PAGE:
Instant Articles are Facebook’s response to Google’s Accelerated Mobile Pages and other fast-loading content platforms that streamline pages to ensure they load almost instantaneously on mobile devices. Facebook’s Instant Articles are unique though, because they also allow publishers to control ad placements within their content.

Publishers can even publish native ads as Instant Articles, which are distinguished from traditional content through unique styling options and the ability to add your company’s logo.

“Facebook’s goal is to connect people to the stories, posts, videos or photos that matter most to them,” the company says. “Opening up Instant Articles will allow any publisher to tell great stories, that load quickly, to people all over the world. With Instant Articles, they can do this while retaining control over the experience, their ads and their data.”

FacebookClick

Facebook is changing its mind on branded content, though it isn’t ready to completely dive in. The social media giant is revising its policy on branded content, which is anything that specifically “mentions or features a third party product, brand, or sponsor.”

With the latest change, Facebook is allowing any verified page to share branded content, however, the content must be labeled as such. This is a significant turn from the company’s previous stance against branded content and ads.

To help brands with verified pages label their branded content, Facebook is also offering a new tool to assist in tagging brands mentioned in the content. The company says the tool must be used every time branded content is published.

By changing their policy, Facebook is allowing companies with existing partnerships or sponsorships to bring their relationship into the world’s largest social network.

Notably, branded content can also be pushed via sponsored posts or leveraged in paid ads. The company says the new tool will hopefully lead to greater transparency while continuing to help users find valuable information.

When a brand is tagged in a piece of branded content, they will also receive access to post insights and can share the boosted post themselves.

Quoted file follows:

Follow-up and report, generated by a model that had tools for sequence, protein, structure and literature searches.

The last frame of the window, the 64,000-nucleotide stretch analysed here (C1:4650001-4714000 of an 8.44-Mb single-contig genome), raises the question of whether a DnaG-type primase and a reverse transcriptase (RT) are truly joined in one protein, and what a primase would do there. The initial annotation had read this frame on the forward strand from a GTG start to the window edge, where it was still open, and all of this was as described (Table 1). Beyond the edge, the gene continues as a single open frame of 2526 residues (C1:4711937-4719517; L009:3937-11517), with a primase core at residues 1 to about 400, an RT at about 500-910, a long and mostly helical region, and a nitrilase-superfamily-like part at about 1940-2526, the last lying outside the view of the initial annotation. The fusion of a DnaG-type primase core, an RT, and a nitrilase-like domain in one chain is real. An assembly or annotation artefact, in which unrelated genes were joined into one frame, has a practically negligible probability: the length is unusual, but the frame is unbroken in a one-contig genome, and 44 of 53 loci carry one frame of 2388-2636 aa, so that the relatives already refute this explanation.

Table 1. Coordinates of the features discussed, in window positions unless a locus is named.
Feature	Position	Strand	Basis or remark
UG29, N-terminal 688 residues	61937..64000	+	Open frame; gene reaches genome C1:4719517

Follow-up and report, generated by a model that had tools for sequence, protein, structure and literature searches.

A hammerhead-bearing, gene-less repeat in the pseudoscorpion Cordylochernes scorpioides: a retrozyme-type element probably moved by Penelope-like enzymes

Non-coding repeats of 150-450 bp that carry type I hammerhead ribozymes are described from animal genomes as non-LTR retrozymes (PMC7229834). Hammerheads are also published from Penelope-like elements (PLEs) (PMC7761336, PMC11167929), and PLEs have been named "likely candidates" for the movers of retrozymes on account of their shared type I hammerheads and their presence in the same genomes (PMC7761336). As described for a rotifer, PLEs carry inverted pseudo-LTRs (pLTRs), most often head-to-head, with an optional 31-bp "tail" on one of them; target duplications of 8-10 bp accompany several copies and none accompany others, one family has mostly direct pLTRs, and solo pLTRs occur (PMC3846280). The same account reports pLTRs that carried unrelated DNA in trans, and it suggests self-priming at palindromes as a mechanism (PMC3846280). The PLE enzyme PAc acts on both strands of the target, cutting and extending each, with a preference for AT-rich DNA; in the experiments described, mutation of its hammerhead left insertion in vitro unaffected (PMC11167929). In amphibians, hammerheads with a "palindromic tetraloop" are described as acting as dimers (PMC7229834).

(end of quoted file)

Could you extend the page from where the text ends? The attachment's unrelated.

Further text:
While this is a notable change, Facebook still has some restrictions. Here is what Facebook will still not allow:

“…our branded content guidelines prohibit overly promotional features, such as persistent watermarks and pre-roll advertisements. Additionally, cover photos and profile pictures must not feature third party products, brands, or sponsors. Branded content integrations that are allowed to be posted on Facebook include content like product placement, endcards, and marketer’s logos.”

Before long, Facebook’s video service is going to look a lot like YouTube. Facebook announced several new features to their mobile app that will seem very familiar to YouTube users and will make videos an even larger part of the Facebook platform than before.

Among the features is the new ability to collapse videos into a floating window, so you can browsing your Facebook seamlessly while you watch a video. The change will make watching videos on the platform less of an interruption and more a part of the experience.

Facebook is also testing implementing a new list of recommended videos to watch next after users finish watching a video. If you don’t see something that piques your interest, you can also look in the all new dedicated Facebook video feed, where you’ll find nothing but user shared videos.

The dedicated video feed acts much like your normal News Feed, but exclusively for video and can be found by tapping the “Videos” icon along the bottom navigation menu of the Facebook app.

Videos-section-800x450

If you see something you think you might want to watch, but can’t at the immediate moment for some reason, you can now save it for later, allowing you to easily return when you are someplace more suitable for watching video. All your saved videos can be easily found in the “Saved” bookmark in the menu.

Facebook is still working out the kinks on most of these new features, so don’t expect them to be rolled out too soon. Instead, it appears the new features will see a slow testing and rollout phase, with no telling when we will see a full launch.

 

 Facebook Dislike